We’re all sliding down the same mountain
By Emily Palm
While riding the chairlift earlier this season we witnessed a rather unbecoming display from a skier. After a rider biffed it and fell board over teakettle, a skier whizzed by yelling, “Dumbass.” Albeit funny, ‘twas not kind.
Seeing such poor snowboarder-skier relations led me to thinking. Sure, I dislike getting cut off on the way up to the mountain by Honda Civics with grenade stickers. True, when I smell cigarette smoke in the lift line it tends to be a troglodyte with super-baggy pants. And yes, having fresh powder scraped off the mountain by inexperienced boarders grinds my gears. But maybe it’s not just the snowboarders keeping relations tense, a notion that should have been previously obvious.
My gripes certainly do not apply to all snowboarders, for it’s only the 90 percent that make the 10 percent look bad.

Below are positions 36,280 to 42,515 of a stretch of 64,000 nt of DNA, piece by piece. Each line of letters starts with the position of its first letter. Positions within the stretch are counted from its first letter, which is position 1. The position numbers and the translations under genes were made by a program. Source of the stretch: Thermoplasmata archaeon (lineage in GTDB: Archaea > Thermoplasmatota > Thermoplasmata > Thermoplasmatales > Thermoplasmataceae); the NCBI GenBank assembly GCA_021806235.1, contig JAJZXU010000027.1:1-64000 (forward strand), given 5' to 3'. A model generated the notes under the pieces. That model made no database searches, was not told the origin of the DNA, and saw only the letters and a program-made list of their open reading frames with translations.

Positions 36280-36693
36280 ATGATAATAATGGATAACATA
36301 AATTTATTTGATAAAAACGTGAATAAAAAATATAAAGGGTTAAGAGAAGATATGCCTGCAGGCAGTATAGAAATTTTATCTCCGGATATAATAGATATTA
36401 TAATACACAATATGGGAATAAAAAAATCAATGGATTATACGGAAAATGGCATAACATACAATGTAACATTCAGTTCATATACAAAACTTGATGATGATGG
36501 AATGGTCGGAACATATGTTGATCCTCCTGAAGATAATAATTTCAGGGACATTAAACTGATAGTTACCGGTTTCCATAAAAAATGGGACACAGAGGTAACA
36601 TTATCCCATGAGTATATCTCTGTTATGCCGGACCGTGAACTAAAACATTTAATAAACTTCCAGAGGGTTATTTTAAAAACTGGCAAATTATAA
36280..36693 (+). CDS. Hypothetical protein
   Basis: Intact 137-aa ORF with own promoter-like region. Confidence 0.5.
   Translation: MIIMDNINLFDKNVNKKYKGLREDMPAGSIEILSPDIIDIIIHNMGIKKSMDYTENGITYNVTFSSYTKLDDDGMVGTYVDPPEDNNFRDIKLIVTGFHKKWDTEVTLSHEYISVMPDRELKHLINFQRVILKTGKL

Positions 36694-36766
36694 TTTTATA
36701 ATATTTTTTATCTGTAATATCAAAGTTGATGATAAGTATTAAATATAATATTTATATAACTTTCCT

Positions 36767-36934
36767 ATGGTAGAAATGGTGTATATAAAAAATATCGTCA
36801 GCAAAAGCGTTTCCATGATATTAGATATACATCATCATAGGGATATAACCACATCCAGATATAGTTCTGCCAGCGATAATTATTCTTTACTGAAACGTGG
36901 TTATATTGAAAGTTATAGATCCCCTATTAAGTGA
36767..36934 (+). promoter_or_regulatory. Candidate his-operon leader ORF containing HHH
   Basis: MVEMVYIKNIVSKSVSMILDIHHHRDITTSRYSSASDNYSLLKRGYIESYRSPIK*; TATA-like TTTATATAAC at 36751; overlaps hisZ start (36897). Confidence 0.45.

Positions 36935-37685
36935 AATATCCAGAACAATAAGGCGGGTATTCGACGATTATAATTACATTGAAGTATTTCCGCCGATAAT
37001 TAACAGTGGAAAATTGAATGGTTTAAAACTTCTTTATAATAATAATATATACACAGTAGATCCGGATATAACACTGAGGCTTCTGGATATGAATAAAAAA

I jest; in fact, I’ve heard resort executives acknowledge that snowboarding saved the snowsports industry back in the 1990’s.
Actually, more and more rapscallions on the mountain are donning skis these days. I’ve seen many a mixed pack of youngsters wearing pants so baggy I wonder how they can maneuver down the slope.
With the next generation of riders and skiers on the mountain embracing the styles they like, it begs the question if jackets and pants companies will still differentiate between skier and snowboarder garb or if there will soon be just park style and backcountry style.
As the season wanes, so does the time to help build bridges between boarders and skiers. Yesterday I saw my first mountain bluebird of the year. Many Front Rangers are putting their planks — whether single or dual — away for the summer (though the season’s not dead yet! A-basin has concerts lined up for May, and backcountry spring skiing is a fine way to spend an April day).
So go ahead, reach out a pole the next time you see a boarder doing the penguin dance on a catwalk. You’ll give them a whole summer to think about how kind skiers are.
Telemark skier and freelance writer Emily A. Palm Mulica lives in Golden, Colo. Check out her Web site at www.emilypalm.com & follow on Twitter and Facebook.com/SteepShots. Share with her your favorite joke at firstname.lastname@example.org.